“The Manga Ormolu stuff came out of the ormolu tradition. …It was an interesting thing for me to see in terms of this idea of cultural appropriation. … These were ideas that had happening in the material world and trade and commerce for a long time. I found it really poignant as well.”¹
Candice Okada has an informative summary of Tang’s purpose and effect in his art:
“The frivolousness of manga and anime are qualities which make Tang’s ceramic sculptures approachable and accessible to all people, enabling them to grasp the deeper meaning of his delicate Chinese ceramic vessels fitted with futuristic robotic prosthetics. And even if viewers don’t fully realize the artist’s intentions, hopefully they will simply “pause and reflect,” as Tang puts it, on the piece that stands before them. He adds, “artists aim to help others understand and view our world in a richer and much more interactive way.” “10
It is the historical work of his Chinese heritage, specifically Ming ware, and his contemporary culture, manga/anime/techno-pop, that he uses to look at issues around appropriation, cultural assimilation and globalism. Although the works impress the viewer with their mix of the familiar, the almost-familiar and the unknown, Tang seeks deeper meanings in his work with an expectation of beyond the surface:
“The really interesting thing about the MO work is that is does lure people into the object. … Once they are interested they can start unpacking it or start contextualizing it and asking what is this work about, what’s it a critique on. It’s a very subtle critique.” ¹
There is a broader socio-economic purpose too. He has an interest
“… in looking at class structure, where classes develop and how we structure our lives. The class divide, ethnically as well as economically is interesting as well, and worth exploring.” ¹
Included in these divides also is the divide of generations: those brought up knowing Chinese art, or Pop Art, or Techno-Pop, or manga/ anime will find different entry points in appreciating the deeper intents of his work.
“Manga Ormolu, through content, form and material, vividly demonstrates the conflicting and complementary forces that shape our perceptions of Ourselves and the Other. By employing satire, I create a point of access.” 9
Manga Ormolu Versions 2.0 &3.0
The dating of his series’ works indicate a minor time overlap with TTGLG. Tang explains this is because he incises his signature in an inconspicuous part of the work in its earlier leather stage. The firing of the work is not always immediate, resulting in a final date often later than the signature suggests. ¹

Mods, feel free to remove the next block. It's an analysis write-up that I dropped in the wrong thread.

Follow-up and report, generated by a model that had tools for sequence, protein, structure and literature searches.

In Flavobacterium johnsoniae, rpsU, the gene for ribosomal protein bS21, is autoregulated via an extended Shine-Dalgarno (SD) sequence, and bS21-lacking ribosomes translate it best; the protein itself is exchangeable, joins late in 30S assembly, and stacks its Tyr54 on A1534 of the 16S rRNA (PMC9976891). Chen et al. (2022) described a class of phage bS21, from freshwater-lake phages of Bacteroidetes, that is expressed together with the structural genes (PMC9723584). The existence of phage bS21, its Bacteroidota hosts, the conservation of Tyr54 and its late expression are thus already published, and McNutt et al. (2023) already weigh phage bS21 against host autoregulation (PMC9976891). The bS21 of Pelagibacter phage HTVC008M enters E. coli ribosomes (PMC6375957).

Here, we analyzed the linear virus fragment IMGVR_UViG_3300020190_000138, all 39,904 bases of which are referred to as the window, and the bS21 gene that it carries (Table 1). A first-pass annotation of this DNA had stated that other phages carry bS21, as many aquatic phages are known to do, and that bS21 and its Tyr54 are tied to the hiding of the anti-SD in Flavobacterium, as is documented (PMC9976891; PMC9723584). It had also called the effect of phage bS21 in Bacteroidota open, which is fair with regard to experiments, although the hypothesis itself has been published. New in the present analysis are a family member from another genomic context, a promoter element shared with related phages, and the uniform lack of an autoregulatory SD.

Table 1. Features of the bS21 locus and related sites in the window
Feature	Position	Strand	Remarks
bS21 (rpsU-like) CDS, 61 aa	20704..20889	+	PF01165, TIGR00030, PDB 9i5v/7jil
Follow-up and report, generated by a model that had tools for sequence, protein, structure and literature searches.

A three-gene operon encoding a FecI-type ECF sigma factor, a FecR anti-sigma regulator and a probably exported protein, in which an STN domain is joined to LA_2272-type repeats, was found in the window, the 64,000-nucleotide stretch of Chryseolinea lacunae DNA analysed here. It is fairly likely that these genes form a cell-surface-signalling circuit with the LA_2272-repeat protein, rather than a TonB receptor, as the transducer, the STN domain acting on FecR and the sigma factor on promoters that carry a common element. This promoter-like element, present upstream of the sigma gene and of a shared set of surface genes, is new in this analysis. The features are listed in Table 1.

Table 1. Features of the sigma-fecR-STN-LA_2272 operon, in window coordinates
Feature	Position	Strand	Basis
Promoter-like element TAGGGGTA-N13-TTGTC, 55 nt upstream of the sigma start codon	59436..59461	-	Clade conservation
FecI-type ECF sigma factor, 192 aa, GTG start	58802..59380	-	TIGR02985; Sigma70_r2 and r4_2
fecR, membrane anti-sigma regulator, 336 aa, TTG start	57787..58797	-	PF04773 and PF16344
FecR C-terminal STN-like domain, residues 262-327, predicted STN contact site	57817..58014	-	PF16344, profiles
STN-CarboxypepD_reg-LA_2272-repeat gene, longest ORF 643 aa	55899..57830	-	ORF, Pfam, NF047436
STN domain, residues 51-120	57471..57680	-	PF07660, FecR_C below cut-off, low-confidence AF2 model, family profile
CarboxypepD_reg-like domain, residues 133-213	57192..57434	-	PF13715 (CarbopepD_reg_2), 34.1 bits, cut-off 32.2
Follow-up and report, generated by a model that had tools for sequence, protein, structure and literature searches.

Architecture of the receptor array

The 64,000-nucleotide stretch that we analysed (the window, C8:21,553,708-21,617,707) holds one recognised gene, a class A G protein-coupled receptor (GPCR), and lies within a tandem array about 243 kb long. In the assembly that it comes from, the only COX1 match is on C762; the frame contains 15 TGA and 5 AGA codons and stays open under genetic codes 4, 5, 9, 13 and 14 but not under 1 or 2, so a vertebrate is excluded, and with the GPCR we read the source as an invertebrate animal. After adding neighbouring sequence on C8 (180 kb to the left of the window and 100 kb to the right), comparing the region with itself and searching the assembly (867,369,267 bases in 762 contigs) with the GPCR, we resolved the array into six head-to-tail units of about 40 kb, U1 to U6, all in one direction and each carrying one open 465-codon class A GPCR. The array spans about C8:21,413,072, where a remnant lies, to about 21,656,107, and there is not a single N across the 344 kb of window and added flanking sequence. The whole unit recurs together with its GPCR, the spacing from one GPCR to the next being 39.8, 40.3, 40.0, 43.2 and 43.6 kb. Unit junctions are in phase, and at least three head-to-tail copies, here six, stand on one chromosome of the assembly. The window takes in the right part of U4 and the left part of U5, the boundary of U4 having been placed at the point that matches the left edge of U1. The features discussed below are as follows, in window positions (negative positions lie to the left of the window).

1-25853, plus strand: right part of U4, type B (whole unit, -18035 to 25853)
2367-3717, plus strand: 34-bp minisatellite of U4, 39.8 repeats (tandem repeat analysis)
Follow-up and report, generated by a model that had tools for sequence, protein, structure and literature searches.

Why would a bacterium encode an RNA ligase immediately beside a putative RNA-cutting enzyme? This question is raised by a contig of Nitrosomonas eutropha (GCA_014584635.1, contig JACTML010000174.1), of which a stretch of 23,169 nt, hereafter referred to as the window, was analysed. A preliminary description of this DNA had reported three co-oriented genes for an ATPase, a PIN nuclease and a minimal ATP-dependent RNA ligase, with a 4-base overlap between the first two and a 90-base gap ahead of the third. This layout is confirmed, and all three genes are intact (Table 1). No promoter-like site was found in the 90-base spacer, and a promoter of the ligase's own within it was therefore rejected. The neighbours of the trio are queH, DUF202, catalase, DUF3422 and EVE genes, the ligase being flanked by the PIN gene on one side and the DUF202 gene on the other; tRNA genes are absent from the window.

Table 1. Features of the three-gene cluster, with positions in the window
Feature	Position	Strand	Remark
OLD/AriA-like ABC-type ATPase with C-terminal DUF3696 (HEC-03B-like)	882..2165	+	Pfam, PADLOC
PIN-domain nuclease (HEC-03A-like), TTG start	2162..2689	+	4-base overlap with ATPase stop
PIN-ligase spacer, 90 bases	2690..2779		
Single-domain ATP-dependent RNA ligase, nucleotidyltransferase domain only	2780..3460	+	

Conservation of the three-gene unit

The division of the MO into series is not only chronological but also indicative of changes in the works. In the earlier versions are the forms are tight, mechanical, with sharper angular, flat planes. There is a shift from the European Rococo-derived ormolu effect of western and “other” to an all “other” an effect of Asian, Chinese and Japanese. In early work the link to 18th cent. Ormolu is more apparent; in later works the techno pop and manga versions create other forms, some that look like appendages.
MO ver. 2.0-e , 2003. 29.2 x 22.9 cm. The central form is based on the Chinese “Meiping” or Plum Vase. Early in his career Tang was also exploring the effects and themes for which he has become better known. The titles become less of an explicit narrative on socio-economic themes and start to assume computer based “update” themes such as this “ver. 2.0-e.” Earlier works particularly capture the imagery of popular Japanese robot figures of manga, anime and Saturday morning cartoons. Not as mechanistic as the imagery of the Transformers they incorporate bottles and vases into quasi humanoid images. The wheel thrown and hand decorated blue and white bottle is supplemented by cylinders, rings and planes of pale green. There is a front and back to these works. The anthropomorphic or robotic effect is frontal. The reverse emphasizes the Ming vase and its dragon motif. How you approach the work conditions your response. From the front memory links are created to toys and cartoons. On the reverse the bottle and its design are more dominant. The wings and rings now become a planar, monochromatic, abstracted ormolu. Planes are like wings and ailerons signifying flight capability, so beloved of anime robots. There is a contrast between the blue and white ware with its imagery and craquelure and the smooth surfaced, glossy mechanical shapes.
Tang is modest in his assessment of his own “Ming’ pots:
“I’ll think that my work is emulating some exquisite Chinese art, and then I’ll see the real thing and I’ll think mine is so bad. Thankfully, people are only looking at mine for seven seconds.” 8